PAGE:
A lawsuit over the rightful ownership of a piece of property in Arkansas has made national headlines because it involves Josh Duggar, the well-known former star of the reality TV show "19 Kids and Counting." It's a spectacular example of how not to handle a quiet title action.
Real estate can be a complex industry. If you own property, there could be a chance that you'll end up in a dispute with someone over any number of reasons.
Whether it's a leaky faucet that's driving you crazy and increasing your water bill or a broken air conditioner that's making you miserable in the heat, you rely on your landlord to make the repairs. After all, that's one of the biggest benefits of being a renter, right?
You have been living in this area of town for several years, and you've always liked your neighbors. They were friendly and kept their property up nicely.
Going through a real estate dispute is frustrating and time- consuming. If you're like most people, you want to avoid one at all costs.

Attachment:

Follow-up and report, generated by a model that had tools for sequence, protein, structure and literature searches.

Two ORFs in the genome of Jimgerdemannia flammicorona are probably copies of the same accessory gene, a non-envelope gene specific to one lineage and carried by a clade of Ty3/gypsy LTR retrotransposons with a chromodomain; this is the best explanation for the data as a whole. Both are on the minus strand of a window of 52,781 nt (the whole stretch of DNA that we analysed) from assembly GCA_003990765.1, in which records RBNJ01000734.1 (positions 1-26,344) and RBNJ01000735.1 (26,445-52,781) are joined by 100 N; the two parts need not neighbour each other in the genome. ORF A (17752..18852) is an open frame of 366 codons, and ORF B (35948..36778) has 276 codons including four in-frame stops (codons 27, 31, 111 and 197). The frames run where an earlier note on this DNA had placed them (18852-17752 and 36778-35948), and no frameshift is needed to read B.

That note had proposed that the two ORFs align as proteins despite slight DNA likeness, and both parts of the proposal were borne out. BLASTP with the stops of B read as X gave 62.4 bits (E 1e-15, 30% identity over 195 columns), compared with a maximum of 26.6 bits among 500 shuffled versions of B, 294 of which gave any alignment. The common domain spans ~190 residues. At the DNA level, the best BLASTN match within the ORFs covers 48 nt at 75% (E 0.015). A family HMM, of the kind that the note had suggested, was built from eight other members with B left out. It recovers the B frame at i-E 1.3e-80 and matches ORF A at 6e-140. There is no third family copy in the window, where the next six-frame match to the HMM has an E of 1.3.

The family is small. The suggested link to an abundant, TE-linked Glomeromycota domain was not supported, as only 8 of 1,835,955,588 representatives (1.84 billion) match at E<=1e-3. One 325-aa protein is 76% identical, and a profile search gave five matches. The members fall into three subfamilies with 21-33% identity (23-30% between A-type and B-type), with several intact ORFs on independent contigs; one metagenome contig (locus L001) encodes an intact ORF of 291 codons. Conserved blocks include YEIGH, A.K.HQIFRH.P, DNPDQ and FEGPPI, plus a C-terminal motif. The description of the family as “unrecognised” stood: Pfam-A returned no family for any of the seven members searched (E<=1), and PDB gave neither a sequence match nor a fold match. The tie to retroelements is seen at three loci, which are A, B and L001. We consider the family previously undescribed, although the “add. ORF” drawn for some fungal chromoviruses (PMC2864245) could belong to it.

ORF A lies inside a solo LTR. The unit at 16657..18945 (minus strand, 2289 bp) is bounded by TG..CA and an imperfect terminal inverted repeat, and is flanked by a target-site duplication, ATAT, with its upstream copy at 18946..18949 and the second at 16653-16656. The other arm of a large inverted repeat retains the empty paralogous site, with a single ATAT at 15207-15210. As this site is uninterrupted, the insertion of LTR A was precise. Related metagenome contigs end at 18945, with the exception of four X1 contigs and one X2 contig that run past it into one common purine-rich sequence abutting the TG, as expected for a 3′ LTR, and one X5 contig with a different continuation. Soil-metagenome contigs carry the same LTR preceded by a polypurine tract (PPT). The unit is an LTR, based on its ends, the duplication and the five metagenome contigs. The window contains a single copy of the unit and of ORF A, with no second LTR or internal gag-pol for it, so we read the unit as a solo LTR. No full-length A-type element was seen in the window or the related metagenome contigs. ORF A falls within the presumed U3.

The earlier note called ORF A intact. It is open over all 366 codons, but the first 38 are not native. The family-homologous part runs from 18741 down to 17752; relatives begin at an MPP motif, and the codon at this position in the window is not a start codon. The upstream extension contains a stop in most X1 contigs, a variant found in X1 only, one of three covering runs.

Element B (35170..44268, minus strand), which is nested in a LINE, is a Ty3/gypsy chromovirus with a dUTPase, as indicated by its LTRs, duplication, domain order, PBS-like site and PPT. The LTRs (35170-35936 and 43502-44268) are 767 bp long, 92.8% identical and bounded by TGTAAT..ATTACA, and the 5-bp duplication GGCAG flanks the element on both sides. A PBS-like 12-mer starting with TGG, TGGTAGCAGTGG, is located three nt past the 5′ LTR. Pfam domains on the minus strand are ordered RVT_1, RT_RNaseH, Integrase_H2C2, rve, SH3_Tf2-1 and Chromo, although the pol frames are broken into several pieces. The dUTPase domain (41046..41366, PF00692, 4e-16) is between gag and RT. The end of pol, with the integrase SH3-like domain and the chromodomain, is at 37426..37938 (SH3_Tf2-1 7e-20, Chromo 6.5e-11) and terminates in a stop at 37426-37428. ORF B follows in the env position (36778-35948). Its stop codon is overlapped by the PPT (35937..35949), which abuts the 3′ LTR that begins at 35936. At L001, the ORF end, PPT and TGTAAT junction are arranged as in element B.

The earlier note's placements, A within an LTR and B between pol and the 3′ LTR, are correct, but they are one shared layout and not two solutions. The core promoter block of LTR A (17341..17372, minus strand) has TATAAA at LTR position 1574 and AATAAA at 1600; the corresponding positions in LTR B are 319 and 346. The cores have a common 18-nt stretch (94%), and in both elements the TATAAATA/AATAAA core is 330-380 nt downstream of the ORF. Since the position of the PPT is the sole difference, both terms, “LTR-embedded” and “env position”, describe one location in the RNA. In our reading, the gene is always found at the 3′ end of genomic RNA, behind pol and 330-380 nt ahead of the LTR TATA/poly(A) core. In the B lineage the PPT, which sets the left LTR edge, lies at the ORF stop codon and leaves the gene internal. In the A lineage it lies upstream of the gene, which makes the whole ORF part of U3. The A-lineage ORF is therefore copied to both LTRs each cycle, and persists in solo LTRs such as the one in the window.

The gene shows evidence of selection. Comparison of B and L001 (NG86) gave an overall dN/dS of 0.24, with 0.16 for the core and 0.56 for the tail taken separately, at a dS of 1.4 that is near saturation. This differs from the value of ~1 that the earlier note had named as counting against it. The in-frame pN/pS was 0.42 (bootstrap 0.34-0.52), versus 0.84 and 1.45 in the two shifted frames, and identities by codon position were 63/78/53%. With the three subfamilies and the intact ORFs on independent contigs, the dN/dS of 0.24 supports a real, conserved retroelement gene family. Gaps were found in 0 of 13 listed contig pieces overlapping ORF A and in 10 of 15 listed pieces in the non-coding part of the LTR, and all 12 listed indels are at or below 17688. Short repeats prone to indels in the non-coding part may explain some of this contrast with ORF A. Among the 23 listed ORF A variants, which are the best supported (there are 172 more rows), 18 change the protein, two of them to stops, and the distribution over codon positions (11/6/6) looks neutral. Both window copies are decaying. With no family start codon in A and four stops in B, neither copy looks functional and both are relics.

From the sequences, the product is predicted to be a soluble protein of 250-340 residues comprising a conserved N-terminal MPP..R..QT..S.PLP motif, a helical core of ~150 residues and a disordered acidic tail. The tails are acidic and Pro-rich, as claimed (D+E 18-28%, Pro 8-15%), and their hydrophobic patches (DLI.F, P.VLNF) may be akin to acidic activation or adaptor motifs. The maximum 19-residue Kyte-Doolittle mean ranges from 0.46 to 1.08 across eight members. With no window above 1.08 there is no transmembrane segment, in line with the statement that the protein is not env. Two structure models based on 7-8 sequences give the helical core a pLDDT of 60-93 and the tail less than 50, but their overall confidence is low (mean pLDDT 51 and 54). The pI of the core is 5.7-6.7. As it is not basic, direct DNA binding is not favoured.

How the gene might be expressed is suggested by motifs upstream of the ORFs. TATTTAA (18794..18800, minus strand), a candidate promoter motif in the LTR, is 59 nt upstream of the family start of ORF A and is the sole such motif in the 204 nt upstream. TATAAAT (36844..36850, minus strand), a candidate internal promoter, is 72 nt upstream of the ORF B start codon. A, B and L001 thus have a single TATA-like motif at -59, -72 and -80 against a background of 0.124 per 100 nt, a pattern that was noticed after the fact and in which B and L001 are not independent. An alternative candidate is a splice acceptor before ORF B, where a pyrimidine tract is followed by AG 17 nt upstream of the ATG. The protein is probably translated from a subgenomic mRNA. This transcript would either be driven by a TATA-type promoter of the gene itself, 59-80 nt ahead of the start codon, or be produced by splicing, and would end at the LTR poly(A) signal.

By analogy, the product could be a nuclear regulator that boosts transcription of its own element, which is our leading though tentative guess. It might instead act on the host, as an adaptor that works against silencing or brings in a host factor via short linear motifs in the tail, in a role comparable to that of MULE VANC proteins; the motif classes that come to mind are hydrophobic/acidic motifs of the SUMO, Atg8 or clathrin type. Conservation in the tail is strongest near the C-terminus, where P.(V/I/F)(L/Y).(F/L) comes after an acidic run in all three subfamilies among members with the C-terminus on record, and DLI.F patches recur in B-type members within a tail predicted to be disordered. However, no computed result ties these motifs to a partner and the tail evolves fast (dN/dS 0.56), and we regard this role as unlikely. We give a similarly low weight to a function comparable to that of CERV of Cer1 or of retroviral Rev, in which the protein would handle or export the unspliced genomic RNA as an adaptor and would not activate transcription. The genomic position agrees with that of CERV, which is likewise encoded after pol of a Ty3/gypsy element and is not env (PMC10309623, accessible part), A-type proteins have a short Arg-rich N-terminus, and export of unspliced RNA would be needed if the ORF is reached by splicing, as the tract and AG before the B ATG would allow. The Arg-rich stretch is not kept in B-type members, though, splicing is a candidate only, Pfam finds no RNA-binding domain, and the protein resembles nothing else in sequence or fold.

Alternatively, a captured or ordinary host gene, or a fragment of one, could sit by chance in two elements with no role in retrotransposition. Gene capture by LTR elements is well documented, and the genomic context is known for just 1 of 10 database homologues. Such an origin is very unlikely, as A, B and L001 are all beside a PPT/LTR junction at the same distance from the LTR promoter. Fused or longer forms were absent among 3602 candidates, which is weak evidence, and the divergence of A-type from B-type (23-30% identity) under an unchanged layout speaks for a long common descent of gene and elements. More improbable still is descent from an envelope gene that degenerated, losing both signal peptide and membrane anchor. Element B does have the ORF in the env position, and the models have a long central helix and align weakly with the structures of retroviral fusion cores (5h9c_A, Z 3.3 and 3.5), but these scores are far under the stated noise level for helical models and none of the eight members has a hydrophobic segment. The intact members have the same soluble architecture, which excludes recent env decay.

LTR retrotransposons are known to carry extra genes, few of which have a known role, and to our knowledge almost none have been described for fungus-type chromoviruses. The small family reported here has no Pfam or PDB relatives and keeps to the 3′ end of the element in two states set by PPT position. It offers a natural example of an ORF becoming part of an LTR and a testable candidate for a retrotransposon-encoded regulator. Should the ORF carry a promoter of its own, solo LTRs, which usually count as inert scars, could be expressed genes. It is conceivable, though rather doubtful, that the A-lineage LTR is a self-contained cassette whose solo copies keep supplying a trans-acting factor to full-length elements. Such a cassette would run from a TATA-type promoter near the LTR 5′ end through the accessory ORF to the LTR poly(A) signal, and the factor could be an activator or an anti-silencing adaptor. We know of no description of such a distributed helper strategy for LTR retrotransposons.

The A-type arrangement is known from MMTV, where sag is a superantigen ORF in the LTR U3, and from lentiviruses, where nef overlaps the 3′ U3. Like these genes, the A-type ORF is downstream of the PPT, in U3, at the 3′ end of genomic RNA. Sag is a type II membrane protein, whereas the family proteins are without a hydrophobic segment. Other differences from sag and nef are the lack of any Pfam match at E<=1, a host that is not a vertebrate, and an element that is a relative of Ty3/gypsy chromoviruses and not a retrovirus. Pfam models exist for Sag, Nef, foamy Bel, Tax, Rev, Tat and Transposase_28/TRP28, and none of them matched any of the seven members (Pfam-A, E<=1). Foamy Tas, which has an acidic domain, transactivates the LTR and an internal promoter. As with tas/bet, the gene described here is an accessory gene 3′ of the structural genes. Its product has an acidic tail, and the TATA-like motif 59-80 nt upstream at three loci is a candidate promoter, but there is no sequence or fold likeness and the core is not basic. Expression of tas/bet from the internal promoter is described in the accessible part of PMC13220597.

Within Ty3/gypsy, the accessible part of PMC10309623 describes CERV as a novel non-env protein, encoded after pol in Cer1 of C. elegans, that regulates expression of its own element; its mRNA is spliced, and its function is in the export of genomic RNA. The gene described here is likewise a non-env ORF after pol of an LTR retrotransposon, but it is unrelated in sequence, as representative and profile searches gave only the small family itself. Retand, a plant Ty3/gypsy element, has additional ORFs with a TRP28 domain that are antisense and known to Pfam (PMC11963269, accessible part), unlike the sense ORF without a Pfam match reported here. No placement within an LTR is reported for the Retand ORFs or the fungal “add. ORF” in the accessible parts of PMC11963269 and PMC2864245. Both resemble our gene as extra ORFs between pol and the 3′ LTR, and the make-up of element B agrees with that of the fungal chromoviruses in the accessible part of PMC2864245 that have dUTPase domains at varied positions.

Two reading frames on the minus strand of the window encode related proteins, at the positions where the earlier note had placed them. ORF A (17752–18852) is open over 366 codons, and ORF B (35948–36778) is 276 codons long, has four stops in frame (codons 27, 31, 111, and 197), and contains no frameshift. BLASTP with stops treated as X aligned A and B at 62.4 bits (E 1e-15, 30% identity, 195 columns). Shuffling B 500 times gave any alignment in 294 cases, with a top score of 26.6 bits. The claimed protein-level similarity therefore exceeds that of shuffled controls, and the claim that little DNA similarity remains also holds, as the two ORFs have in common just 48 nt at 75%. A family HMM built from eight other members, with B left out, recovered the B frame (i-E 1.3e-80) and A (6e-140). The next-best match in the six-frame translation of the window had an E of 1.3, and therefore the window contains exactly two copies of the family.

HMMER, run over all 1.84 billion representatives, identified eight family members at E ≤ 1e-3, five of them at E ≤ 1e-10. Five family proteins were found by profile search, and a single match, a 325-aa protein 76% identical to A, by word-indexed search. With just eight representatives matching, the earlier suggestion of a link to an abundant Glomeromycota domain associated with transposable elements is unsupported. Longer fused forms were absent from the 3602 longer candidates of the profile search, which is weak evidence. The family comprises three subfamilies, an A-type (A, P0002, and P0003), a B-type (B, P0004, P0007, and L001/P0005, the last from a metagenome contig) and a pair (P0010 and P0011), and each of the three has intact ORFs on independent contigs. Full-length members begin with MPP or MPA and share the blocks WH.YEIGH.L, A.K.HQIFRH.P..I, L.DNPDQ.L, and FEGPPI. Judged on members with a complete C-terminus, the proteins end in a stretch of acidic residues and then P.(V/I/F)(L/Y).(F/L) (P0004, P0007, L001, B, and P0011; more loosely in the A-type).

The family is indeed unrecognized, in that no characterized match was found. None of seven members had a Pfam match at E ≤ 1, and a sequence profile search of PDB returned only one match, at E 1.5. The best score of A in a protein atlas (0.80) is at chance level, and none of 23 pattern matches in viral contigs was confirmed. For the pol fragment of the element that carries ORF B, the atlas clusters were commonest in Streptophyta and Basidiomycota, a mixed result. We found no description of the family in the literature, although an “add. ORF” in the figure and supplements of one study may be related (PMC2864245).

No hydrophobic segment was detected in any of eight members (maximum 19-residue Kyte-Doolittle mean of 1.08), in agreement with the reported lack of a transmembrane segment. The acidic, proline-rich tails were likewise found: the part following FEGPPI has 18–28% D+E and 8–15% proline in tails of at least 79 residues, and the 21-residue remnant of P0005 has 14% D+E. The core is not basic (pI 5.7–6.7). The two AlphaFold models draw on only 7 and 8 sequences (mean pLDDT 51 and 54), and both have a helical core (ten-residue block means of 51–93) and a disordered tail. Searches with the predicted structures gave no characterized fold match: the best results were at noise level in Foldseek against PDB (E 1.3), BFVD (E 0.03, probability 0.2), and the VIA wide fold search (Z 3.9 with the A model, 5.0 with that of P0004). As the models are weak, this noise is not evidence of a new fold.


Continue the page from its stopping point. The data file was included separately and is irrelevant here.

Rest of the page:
Real estate is always changing, which is why zoning can become a problem when it wasn't before. Local zoning laws may change to make room for businesses or single-family homes, for example, limiting who else can buy or build in an area.
You were interested in buying a property, but you were just informed that the title is clouded. A cloudy title can stop your purchase immediately.
You just purchased a home and were very excited to move in. You had inspections performed, and everything seemed okay. You were thrilled with your purchase and ready to start a new chapter in your life.
Landlords in Georgia and throughout the country could be making key mistakes that might result in lost rent or costly legal fees. Ideally, landlords will make any repairs that allow a tenant access to clean water, a roof that doesn't leak and an electrical system that functions properly. If a landlord doesn't make a critical repair in a timely manner, a tenant may have the right to move out or pay someone to fix the issue.
Construction defects that Georgia residents may find in residential or commercial buildings usually refer to a deficiency in the way the building was designed, planned, inspected or constructed. It could mean that the building did not perform to a reasonable degree in the manner that it was intended by the buyer.